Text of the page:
Also, as a sidenote, the lending standards for most mortgages have been significantly tightened.  You might not be able to get one if you're single and carry that much debt already.


If you are married or otherwise partnered, and you have a second income in the household, much of this advice above could change.

brianwithani

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Re: Acceptable Salary to Debt Ratio
« Reply #11 on: July 21, 2008, 09:47:58 AM »
You can buy a house in that range with two salaries and that debt load provided you have a good credit score.  The mortgage industry is getting tighter.  I just bought a house last month with A+ credit and they still had me and my wife jumping through hoops.  Three years ago they would have offered us half a million dollars and wouldn't have even asked for a paycheck stub.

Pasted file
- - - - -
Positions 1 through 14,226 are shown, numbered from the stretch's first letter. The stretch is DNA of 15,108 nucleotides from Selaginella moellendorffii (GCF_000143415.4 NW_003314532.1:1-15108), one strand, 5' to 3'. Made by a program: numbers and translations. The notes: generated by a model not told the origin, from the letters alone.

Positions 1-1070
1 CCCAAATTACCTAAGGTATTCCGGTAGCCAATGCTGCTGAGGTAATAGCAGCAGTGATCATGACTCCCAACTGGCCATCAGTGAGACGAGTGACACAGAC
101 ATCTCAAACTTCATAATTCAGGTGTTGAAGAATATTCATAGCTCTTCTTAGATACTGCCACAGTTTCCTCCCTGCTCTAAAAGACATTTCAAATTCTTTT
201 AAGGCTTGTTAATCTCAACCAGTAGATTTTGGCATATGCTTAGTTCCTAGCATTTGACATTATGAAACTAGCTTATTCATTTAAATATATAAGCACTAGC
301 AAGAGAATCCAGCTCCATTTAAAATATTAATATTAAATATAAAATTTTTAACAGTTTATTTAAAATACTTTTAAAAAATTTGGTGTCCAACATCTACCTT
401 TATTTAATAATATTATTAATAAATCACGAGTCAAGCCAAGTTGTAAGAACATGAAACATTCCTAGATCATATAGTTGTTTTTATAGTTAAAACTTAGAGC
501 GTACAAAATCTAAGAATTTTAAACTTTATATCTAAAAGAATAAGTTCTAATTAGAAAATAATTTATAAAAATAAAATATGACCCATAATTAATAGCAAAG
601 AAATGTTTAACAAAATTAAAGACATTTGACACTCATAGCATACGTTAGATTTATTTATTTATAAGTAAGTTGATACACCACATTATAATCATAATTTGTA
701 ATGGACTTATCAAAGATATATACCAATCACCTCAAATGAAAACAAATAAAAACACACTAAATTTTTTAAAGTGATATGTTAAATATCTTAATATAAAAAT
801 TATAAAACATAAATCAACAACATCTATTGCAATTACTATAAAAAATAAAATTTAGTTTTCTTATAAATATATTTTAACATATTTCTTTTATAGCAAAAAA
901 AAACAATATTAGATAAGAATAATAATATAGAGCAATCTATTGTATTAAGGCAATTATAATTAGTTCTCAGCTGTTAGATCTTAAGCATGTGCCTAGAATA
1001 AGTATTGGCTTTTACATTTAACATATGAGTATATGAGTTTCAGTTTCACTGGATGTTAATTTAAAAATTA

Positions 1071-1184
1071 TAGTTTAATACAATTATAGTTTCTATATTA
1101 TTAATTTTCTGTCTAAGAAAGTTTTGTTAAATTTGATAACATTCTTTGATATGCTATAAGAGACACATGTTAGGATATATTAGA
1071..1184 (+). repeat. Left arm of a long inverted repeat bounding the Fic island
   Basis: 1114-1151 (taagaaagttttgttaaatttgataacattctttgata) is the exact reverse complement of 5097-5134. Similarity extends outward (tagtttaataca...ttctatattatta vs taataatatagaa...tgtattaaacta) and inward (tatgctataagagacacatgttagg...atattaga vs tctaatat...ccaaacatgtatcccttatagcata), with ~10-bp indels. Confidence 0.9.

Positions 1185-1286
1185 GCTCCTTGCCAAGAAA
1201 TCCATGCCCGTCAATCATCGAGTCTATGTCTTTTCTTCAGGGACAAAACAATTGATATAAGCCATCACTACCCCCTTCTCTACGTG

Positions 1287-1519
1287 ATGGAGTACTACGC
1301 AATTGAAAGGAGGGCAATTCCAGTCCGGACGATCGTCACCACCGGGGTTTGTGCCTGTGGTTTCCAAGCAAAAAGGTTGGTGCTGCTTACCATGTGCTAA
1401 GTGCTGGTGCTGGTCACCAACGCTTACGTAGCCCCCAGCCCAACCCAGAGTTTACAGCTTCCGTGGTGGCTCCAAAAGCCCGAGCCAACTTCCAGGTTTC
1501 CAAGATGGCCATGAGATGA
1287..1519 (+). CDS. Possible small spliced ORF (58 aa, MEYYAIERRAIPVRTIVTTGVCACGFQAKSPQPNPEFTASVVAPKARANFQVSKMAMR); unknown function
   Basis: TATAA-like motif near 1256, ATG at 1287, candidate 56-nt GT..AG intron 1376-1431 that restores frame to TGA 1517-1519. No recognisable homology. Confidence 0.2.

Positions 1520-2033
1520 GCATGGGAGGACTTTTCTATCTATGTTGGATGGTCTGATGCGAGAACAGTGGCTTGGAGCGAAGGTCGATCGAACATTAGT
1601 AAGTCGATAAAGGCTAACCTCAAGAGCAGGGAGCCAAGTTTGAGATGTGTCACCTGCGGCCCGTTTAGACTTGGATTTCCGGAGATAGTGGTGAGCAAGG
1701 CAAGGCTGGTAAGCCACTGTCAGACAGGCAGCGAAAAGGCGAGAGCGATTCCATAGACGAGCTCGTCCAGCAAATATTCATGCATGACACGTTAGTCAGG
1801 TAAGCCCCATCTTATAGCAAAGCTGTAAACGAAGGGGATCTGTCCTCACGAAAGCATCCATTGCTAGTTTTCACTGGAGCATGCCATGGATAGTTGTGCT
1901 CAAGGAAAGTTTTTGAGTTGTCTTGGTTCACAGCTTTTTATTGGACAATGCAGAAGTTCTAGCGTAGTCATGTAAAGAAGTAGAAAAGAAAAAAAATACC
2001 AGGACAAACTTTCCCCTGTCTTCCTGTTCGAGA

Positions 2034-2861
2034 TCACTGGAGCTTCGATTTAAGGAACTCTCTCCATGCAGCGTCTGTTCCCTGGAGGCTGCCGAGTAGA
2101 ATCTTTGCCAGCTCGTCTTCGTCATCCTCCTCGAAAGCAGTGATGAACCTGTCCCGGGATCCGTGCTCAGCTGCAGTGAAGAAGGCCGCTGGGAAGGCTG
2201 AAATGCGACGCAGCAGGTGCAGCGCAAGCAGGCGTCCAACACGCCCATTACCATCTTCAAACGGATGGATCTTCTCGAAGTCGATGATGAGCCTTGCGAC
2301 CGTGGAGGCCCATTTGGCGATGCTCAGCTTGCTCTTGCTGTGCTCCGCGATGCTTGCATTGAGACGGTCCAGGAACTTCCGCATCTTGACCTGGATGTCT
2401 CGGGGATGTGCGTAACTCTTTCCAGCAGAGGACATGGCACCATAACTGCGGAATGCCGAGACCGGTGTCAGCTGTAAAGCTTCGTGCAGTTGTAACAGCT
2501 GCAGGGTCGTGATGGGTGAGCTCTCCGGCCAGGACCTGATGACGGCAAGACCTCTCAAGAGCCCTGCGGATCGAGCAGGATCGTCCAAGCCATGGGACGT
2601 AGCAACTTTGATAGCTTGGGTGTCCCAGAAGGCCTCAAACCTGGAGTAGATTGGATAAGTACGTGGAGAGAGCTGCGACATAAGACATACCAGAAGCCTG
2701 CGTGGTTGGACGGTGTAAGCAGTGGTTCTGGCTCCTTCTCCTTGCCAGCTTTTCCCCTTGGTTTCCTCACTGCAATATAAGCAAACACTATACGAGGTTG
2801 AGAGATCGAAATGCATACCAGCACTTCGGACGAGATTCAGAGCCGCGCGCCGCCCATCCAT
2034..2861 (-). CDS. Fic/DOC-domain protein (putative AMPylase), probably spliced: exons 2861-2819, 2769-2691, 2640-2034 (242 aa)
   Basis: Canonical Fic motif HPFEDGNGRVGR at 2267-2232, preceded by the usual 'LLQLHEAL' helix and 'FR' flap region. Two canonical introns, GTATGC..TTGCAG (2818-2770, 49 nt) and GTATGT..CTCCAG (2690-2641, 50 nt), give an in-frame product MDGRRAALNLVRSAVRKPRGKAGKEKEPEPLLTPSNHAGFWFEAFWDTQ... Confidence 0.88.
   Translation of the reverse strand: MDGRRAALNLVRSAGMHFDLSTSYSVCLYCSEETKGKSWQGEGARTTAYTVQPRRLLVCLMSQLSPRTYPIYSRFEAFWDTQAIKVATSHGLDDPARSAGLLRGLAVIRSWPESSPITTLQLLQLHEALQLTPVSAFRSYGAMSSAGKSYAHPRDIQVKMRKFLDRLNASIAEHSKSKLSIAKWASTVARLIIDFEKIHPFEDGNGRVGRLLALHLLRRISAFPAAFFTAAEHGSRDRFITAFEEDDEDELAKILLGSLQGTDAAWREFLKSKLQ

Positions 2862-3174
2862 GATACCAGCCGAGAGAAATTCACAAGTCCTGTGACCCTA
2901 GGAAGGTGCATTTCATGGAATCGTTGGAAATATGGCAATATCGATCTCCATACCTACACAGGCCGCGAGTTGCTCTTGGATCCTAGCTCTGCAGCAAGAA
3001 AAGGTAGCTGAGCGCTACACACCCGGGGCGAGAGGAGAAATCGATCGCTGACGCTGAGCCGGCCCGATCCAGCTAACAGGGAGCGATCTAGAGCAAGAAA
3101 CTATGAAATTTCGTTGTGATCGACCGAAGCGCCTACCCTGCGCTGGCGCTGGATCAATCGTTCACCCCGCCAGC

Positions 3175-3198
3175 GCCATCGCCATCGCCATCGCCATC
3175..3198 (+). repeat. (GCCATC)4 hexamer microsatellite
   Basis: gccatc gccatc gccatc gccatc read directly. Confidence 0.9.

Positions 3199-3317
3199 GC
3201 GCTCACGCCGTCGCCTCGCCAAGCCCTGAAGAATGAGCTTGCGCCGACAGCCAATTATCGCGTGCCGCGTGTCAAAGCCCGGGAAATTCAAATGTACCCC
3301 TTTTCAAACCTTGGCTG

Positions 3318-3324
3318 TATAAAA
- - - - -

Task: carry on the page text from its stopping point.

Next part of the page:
Student loan debt is often low interest debt.  Definitely lower than credit card or auto loan debt.  I suggest if you really want to buy a house, I would focus on paying down the mortgage.  Two reasons:  1.  As you pay down the mortgage, you gain equity that can be cashed when you sell the house or if you need a home equity line of credit.  2.  If the student loan interest rate is lower and you aren't building any equity, why would you want to focus on getting it paid down other than just not wanting it hanging over you?  Student loan companies are a lot more lenient if you get in a jam and have to miss a payment and besides, what are they going to repossess? 

A good rule is to focus on paying down whatever debt has the highest interest rate first.  My financial advisor told me that debt in general sucks but there are two kinds of debt that are less of a problem, a home mortgage and student loan.  Both have interest that is tax deductible and the interest rates are generally reasonable.  I'd pay off all other debt first and then work on the mortgage and then the student loans.  just my opinion...

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nike6075

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Re: Acceptable Salary to Debt Ratio